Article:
A funny thing is happening to hypnosis, long a feature of vaudevillian routines: It’s becoming respectable, working its way into premier research hospitals, medical journals, and doctors’ offices throughout the US.

An increasing number of physicians are using hypnosis to ease patients through childbirth, angioplasty, chemotherapy, breast biopsy–even full-on surgery. Hypnosis is helping people get over fractures, burns, migraines, asthma, fibroids, peptic ulcers, and skin disorders. The same techniques practiced by ancient Egyptians 2,000 years ago and “discovered” by Austrian physician Franz Anton Mesmer in the late 1700’s are now scoring impressive results in medical experiments across the United States, Europe, and beyond. Mind, it seems, really can overcome matter.

“If somebody told you there was a medication that could treat 100 different conditions, didn’t require a prescription, was free, and had no bad side effects, you wouldn’t believe them” says Harvard Medical School psychologist Carol Ginandes, PhD. “I don’t want to sound like a snake oil salesman, because hypnosis is not a magic wand. But it should be made available as a supplementary treatment for all patients who could benefit. Right now.”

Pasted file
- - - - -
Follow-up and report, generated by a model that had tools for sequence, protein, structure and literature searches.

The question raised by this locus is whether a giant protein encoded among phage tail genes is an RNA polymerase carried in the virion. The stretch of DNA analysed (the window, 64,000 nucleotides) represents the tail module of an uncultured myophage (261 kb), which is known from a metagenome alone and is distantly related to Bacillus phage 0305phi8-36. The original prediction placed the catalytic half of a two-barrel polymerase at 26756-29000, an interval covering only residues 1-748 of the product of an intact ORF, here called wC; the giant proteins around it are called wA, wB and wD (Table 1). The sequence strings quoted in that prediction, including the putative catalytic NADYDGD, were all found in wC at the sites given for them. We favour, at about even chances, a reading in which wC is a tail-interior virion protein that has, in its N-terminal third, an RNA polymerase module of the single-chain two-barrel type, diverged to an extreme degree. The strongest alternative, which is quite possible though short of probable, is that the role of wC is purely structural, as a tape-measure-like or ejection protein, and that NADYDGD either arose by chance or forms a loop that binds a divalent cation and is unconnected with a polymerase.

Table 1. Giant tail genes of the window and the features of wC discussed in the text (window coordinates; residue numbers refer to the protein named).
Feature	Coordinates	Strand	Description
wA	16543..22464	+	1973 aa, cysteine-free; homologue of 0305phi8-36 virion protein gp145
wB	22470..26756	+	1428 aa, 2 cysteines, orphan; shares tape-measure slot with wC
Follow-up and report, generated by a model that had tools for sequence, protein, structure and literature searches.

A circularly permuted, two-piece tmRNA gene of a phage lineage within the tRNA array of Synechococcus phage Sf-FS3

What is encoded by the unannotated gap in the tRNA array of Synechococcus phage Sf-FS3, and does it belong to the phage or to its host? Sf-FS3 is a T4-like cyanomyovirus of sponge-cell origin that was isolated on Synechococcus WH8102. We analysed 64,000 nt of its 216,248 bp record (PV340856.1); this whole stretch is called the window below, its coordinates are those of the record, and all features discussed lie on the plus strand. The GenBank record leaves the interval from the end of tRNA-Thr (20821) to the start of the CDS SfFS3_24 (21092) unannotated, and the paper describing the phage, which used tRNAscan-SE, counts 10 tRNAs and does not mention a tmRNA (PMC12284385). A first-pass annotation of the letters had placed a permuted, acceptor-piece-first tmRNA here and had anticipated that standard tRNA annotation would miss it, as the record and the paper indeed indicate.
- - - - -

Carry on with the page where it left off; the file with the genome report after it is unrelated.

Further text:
Hypnosis in Media – Business Week 2 February 2004

There’s Entrancing News about Hypnosis.

It’s gaining credibility as a treatment for a multitude of troubles from nicotine addiction to post-traumatic stress disorder.

Hypnosis in Media – The Wall Street Journal 7 October 2003

Major Hospitals use Trances for …Fractures, Cancer and Burns, Speeding Surgery Recoveries

Numerous scientific studies have emerged in recent years showing that the hypnotized mind can exert a real and powerful effect on the body. The new findings are leading major hospitals to try hypnosis to helprelieve pain and speed recovery in a variety of illnesses.

At the University of North Carolina, hypnosis is transforming the treatment of irritable bowel syndrome, and often-intractable gastro-intestinal disorder, by helping patients to use their mind to quiet an unruly gut. Doctors at the University of Washington’s regional burn center in Seattle regularly use it to help patients alleviate excruciating pain. Several hospitals affiliated with Harvard Medical School are employing hypnosis to speed up post surgical recovery time. In one of the most persuasive studies yet, a Harvard researcher reports that hypnosis quickened the typical healing time of bone fractures by several weeks.

These days, legitimate hypnosis is often performed by psychiatrists and psychologists, though people in other medical specialties are becoming licensed in it, too. It can involve just one session, but often it takes several – or listening to a tape in which a therapist guides an individual into a trance-like state. Whatever the form it is increasingly being used to help women give birth without drugs, for muting dental pain, treating phobias and severe anxieties, for helping people lose weight, stop smoking or even perform better in athletics or academic tests. Many health-insurance plans, even some HMOs, now will pay for hypnosis when part of an accepted medical treatment.